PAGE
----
Without basic training and some ground rules leash walking can quickly become a miserable fight and source of frustration. Common problems I hear are: my dog pulls uncontrollably, my dog is too busy sniffing to walk, my dog reacts to everything, my dog doesn’t listen, etc.
There is nothing wrong in giving your dog a correction - as long as it is properly timed, thought out (NEVER correct out of anger), and correctly administered. Corrections can be verbal by telling your dog NO or physical in the form of a leash correction, blocking with your body and even simply restraining your dog and not allowing them to do something. A correction is the act of doing something to stop and change inappropriate behaviour. One thing many people do incorrectly is when attempting to correct via the leash they pull back on the dog. This act of pulling back put pressure on the dog and often will cause the dog to pull more against the pressure. A Leash correction should be a short snap of pressure to get the dog's attention. Leash corrections can vary in degree also by the amount of pressure. Small light pressure corrections are effective typically at getting the dog's attention and getting it beside you, where as a heavy pressure can be needed for barking and lunging.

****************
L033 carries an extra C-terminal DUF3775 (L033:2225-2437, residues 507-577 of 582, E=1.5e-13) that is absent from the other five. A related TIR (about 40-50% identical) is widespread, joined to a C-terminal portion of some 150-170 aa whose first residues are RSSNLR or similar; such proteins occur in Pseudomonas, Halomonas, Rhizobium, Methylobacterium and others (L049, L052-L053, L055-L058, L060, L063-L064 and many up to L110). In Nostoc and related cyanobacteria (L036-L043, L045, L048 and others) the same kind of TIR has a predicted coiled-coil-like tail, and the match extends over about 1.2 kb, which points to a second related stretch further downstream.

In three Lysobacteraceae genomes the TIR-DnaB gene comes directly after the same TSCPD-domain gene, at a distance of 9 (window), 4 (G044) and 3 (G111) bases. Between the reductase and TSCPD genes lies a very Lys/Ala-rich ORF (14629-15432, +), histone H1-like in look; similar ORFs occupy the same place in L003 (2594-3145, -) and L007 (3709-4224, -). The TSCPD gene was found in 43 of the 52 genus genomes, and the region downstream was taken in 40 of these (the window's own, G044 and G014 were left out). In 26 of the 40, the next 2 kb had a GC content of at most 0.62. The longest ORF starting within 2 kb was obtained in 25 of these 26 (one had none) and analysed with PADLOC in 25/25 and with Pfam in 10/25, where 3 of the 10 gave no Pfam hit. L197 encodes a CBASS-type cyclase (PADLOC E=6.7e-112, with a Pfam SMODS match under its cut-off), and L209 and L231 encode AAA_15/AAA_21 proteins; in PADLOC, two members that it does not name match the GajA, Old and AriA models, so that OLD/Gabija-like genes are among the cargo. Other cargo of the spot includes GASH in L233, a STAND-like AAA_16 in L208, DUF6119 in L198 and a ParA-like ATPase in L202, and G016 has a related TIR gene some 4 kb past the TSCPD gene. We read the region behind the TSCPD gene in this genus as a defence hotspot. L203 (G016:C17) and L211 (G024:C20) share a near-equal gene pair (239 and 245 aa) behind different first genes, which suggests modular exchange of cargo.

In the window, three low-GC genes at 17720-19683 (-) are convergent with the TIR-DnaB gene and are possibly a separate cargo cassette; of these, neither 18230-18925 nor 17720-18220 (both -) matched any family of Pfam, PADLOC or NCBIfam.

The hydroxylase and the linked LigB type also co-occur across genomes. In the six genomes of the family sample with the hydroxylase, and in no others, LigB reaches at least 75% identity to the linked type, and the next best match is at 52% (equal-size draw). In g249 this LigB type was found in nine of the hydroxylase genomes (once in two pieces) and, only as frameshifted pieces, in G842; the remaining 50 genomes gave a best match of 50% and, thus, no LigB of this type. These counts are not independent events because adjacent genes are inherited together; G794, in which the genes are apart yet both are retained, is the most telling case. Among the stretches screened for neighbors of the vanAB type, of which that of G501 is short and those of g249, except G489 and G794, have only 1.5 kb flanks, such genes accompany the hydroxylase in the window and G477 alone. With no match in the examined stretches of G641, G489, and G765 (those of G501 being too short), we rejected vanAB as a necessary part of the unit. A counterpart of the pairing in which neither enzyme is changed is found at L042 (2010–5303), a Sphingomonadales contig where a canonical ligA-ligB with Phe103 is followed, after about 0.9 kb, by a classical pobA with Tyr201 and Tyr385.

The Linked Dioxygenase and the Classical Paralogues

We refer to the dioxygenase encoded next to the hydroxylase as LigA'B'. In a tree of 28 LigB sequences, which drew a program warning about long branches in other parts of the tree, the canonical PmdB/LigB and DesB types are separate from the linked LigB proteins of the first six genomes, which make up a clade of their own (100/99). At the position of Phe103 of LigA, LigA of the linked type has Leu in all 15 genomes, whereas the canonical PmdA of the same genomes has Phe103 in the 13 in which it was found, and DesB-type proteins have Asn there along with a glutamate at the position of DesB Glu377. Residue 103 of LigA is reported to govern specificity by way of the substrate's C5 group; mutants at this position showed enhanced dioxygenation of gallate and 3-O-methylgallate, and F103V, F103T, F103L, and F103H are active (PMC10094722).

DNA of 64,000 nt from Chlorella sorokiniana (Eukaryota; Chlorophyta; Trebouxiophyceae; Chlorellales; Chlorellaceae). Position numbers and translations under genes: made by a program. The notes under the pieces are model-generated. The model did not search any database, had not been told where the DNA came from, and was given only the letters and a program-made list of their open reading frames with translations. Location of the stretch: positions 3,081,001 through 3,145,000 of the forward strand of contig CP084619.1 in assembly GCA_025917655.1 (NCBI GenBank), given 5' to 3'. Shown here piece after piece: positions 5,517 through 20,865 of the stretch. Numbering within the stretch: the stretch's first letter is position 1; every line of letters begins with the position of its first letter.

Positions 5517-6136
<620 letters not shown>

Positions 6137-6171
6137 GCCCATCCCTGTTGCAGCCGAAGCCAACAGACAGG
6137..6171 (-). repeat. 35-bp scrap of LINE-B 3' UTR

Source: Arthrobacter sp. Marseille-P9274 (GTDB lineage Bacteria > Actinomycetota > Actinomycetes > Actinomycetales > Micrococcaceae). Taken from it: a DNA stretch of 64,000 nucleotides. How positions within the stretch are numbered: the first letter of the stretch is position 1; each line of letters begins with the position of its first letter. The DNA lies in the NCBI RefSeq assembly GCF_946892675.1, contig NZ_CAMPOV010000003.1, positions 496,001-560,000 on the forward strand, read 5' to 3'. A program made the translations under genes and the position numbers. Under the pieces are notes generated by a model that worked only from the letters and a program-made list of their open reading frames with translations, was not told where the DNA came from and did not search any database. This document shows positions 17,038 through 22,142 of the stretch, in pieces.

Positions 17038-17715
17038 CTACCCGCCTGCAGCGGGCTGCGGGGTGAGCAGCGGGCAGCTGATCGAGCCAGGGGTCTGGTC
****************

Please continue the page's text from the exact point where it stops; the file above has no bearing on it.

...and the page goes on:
Lastly, having an obedient dog can help in your walks. Many cues you teach your dogs can be applied during a walk. Some of my favorites are focus, leave it, and settle. If you dog knows how to listen to you and respects you from your training practices it can help make a walk more pleasant.
Now, a short detour into the many training aids out there. Sometimes you just need a bit extra help when trying to train a nice loose leash walk. Training aids can be very successful and we accept all kinds of aids here at Canine Coaching. Our belief is that anything that helps you to train your dog is a positive thing but it is important to know the correct ways to use any tool you get. Some different types of aids that exist to help with leash walks are halti type head harnesses, slip or prong collars, or no pull harnesses.
We have a variety of methods we use when teaching Loose Leash Walking and when these are not working as they should we are always open to helping students pick the training tool that best suits their needs. We hope that some of the tips in this article help put you on the right path to enjoying your walks again